Bacon Hill Farm Earns Pork Checkoff's Environmental Steward Award

Danny and Josie Kluthe of Dodge recognized for their anaerobic manure digester that uses natural gas to fuel farm vehicles.

Published on: Oct 9, 2013

Bacon Hill Farms, owned by Danny and Josie Kluthe of Dodge, is one of four U.S. hog farms selected by the Pork Checkoff as 2013 Pork Industry Environmental Stewards.

Bacon Hill Farm was recognized on how it seamlessly mixes pork production and cutting-edge technology, according to the Pork Checkoff, which announced the winners.

The operation is well-known for its anaerobic manure digester that uses natural gas to supplement fuel for their farm's vehicles and help provide electricity to area homes.

The Kluthes have six 1,000-head finishing barns and market about 15,000 finisher hogs annually. They grow corn and soybeans on 280 acres and raise 100 chickens every year for family and friends.

PIG POWER: Danny Kluthes Bacon Hill Farms has an anaerobic manure digester that uses natural gas to supplement fuel for their farms vehicles and for other uses.
PIG POWER: Danny Kluthe's Bacon Hill Farms has an anaerobic manure digester that uses natural gas to supplement fuel for their farm's vehicles and for other uses.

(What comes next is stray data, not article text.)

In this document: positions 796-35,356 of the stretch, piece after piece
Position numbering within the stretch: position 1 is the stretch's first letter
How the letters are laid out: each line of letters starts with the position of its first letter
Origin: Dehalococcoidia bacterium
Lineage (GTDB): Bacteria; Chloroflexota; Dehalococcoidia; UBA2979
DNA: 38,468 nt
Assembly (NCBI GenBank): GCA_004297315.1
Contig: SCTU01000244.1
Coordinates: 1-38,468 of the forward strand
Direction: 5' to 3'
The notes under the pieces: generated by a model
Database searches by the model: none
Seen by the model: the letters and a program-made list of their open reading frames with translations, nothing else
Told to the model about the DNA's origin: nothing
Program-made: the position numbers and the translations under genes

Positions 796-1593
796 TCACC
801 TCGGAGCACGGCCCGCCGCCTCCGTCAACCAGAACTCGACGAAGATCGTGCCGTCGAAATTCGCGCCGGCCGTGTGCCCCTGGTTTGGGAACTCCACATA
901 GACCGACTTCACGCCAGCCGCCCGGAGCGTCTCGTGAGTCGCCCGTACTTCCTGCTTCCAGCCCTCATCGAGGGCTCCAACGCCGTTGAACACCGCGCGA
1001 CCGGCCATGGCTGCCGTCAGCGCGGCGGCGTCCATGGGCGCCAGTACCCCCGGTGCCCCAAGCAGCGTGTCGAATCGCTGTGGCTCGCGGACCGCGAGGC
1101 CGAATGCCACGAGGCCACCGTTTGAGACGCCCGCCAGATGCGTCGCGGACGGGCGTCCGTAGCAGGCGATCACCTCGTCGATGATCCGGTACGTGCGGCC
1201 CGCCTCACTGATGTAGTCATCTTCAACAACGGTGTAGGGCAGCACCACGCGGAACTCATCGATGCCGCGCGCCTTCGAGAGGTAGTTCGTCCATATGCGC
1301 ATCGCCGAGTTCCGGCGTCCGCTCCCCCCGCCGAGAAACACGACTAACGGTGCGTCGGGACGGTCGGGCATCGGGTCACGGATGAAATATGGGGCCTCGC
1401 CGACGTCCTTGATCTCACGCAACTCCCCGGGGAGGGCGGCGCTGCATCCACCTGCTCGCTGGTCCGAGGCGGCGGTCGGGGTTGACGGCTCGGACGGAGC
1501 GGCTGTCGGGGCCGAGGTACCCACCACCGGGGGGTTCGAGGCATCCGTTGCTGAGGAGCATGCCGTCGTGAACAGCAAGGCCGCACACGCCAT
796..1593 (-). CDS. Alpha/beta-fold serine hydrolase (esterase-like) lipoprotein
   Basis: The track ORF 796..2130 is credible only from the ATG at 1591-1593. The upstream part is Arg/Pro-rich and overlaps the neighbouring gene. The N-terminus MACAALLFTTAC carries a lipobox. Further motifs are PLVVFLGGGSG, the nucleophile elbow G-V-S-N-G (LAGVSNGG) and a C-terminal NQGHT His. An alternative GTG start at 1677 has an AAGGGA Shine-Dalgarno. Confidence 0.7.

Being good environmental stewards is key to all of their endeavors at Bacon Hill, according to a Pork Checkoff news release.

Other producers honored are Russell Brothers LLC, Monticello, Iowa; Krikke Pork, Greenwich, Ohio; and Blue Mountain Farms, Milford, Utah.

The farms are focused on protecting natural resources while minimizing their environmental footprint.

"From turning manure into fuel to operate farm vehicles to generating enough power to light up 3,000 homes, the 2013 stewards are putting their own stamp on raising high-quality pork for customers," says Lynn Harrison, chair of the Environmental Stewards selection committee.

The four farms are also adhering to the pork industry's We Care ethical principles in raising their animals.

Winners were chosen based on a range of factors, including their manure management systems, water and soil conservation practices, odor control work and farm aesthetics.

The Kluthe's alternative energy enterprise, called Olean Energy, is operated as a separate company. It is Nebraska's first on-farm generator powered by manure methane.